But if you don't believe in superstitions...they can't come true. That's what she's always believed.
She ran into the park, the dark street giving away to a parking lot, the parking lot giving away to grassy field. Lucy was sniffing at a figure sitting on long bench - the type of bench made for soccer or baseball players to sit on.
"Lucy, come here!" She tried to speak authoritatively, but her voice betrayed her; it was weak and begging.
Lucy, of course, did not listen, instead, she was whining like she did when she wanted another dog to play with her.
Lola had no choice but to walk toward the figure, and as she got closer, the figure came into a focus. A young man, about her age, smoking a cigarette. He didn't look harmful, but then again, neither did Ted Bundy, a serial killer her grandmother talked about anytime should could. Ethel claimed she saw him hitchhiking back in 1975 while she was on a ski vacation in Colorado, almost stopped to pick him up, but, though he was clean cut and good looking, something in her gut made her keep driving. Soon after that, a girl went missing from that area and was found weeks later, naked, dead.
"You're knew here, aren't you?" The young man asked her.
"How did you know? Is it that small of a town?" Lola inched toward Lucy, ready with the leash.
"Nah, it's your accent. I hear an accent. I'm Asa, by the way."
"I'm from the midwest. Illinois. That's the accent you're hearing. I came here to be the head baker at the church they are turning into a restaurant. I'm Lola, and this is..."
"Lucy," Asa grinned.
He had such a relaxed face, a relaxed manor, that Lola felt the tension melt away from her shoulders. She quickly clipped Lucy to her leash.
"Well, it was nice meeting you. I have to get back home." A gust of wind sent dehydrated brittle leaves scurrying across the blacktop behind them.
"Lola," Asa took a long drag on his cigarette.
|St. James Church and graveyard Chalfont Pa|
"You must be mistaken," Lola said. "Or confused. I'm certain of it. The company paid for me to relocate here. They paid for my apartment for six months."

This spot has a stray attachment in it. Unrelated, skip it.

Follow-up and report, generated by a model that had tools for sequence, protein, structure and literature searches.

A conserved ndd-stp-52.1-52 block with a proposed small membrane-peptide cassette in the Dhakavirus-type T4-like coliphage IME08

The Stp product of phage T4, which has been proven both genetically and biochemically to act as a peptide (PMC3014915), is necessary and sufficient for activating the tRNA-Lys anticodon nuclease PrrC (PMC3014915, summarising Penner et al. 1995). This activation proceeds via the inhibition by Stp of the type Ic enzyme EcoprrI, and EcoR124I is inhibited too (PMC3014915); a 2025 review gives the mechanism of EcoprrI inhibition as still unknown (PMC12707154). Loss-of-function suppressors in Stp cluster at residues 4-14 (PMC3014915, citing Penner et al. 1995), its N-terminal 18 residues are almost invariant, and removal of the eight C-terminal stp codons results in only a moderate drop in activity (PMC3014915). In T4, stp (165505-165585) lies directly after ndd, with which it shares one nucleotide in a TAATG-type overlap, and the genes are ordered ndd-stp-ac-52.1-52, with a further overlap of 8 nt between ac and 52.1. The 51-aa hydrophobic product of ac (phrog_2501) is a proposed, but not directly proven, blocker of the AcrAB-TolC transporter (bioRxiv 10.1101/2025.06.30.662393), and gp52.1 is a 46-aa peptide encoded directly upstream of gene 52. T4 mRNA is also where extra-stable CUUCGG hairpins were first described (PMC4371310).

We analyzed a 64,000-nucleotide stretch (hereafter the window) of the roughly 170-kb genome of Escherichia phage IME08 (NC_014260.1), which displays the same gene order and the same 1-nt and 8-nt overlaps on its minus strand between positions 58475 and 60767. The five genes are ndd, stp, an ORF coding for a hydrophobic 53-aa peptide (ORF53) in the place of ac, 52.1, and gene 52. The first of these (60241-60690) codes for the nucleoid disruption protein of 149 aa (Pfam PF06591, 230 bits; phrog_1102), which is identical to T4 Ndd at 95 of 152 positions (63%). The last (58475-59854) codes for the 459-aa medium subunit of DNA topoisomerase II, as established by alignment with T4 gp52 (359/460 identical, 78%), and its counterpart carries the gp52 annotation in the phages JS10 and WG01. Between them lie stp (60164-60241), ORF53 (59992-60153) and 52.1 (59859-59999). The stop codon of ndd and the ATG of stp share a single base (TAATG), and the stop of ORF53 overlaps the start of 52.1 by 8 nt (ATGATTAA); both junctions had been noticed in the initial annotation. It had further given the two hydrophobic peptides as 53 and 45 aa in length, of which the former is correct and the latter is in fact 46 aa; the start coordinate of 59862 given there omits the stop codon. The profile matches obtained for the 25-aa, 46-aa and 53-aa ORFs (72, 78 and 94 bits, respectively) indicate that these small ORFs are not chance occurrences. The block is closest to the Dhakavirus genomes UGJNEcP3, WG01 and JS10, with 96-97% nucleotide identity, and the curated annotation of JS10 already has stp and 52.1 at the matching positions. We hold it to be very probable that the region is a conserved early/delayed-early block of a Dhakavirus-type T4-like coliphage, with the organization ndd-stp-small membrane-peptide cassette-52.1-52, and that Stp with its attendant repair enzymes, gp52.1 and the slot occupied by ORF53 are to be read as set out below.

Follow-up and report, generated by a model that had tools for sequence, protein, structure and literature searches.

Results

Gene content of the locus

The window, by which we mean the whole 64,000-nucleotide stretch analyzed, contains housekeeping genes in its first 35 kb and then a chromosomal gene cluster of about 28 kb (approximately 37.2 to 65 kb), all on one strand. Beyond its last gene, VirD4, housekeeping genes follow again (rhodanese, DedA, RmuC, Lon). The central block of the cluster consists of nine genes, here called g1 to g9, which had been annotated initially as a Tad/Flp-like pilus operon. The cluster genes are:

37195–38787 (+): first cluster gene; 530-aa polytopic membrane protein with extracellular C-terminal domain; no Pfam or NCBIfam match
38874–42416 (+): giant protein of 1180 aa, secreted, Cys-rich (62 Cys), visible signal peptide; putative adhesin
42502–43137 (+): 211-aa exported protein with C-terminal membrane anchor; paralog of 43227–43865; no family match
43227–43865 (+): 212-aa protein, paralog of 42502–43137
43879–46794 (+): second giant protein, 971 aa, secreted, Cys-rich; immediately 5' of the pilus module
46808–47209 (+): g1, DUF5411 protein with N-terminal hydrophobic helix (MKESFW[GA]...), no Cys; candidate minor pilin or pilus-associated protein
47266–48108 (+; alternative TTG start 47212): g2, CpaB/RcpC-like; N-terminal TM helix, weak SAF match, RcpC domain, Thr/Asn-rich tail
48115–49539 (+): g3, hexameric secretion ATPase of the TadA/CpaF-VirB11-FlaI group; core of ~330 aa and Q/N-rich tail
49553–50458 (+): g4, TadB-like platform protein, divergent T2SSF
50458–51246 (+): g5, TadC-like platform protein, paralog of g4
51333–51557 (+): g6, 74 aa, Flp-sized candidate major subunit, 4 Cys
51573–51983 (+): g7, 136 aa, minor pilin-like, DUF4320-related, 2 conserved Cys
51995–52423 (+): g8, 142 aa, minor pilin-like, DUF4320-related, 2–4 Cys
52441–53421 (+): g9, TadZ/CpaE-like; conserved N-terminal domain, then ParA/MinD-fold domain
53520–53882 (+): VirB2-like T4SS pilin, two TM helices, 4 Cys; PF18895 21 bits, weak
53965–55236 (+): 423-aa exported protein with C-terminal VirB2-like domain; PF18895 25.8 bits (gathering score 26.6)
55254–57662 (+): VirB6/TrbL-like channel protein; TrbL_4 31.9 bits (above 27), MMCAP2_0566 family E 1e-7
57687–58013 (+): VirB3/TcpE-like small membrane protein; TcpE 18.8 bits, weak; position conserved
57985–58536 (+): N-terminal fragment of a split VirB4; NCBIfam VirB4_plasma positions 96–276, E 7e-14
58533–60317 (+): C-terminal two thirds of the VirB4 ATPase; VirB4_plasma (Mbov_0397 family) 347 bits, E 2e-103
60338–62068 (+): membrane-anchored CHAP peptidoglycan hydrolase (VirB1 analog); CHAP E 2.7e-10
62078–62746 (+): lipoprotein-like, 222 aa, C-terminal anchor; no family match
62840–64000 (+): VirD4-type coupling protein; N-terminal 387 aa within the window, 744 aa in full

Asa's face suddenly softened. "Maybe I am wrong. Things in this town change so quickly lately. Call your company first thing in the morning, I hope I am wrong. We need some good, honest, people like you and your grandmother in this town. Not that there are bad people. Most people are good, they are just tired of the walls."
A loud wail pierced through the night. Lola jumped and Lucy howled.
"Fire siren," Asa said. "You'll get used to it. And you'll get used to the train whistle around 2am every night."
"I better go." Lola gave Lucy a quick pull and started to back away. How did Asa know about her grandmother? She was sure she hadn't mentioned it. Or had she? Either way, she was starting to feel itchy and wanted to hop in the shower and throw her clothes in the laundry and make sure all traces of the spider and spider web were gone.
And he had to be wrong about the restaurant. Surely they wouldn't have allowed her pull up her roots and leave the only place she had ever known to travel from the Midwest to the East Coast?
"Nice meeting you!" Asa called at her retreating figure.
"You too," Lola called back, the words somehow managed to work their way around the lump in her throat.
"Mom, Dad, please give me a sign that we've made the right choice." Though she said she didn't believe in signs, she never gave up hoping that somehow her parents would be able to communicate with her somehow.
The sky was black velvet now. The only light came from the front windows of the homes along the road. The air was still, yet, leaves scurried around her ankles.
She made sure to walk in the middle of the street, afraid of running into any more spider webs.
Just as the parking lot of the Patriot Station apartments came into view, the lights tall and welcoming, two bats flew so close in front of her, she could feel the wind of their wings across her face.
A scream pierced the air - but it wasn't her. It was coming from the apartments.
"Grandma!" She thought - and the spider web, Asa's warning, and the bats disappeared from her mind as she and Lucy ran towards the screaming.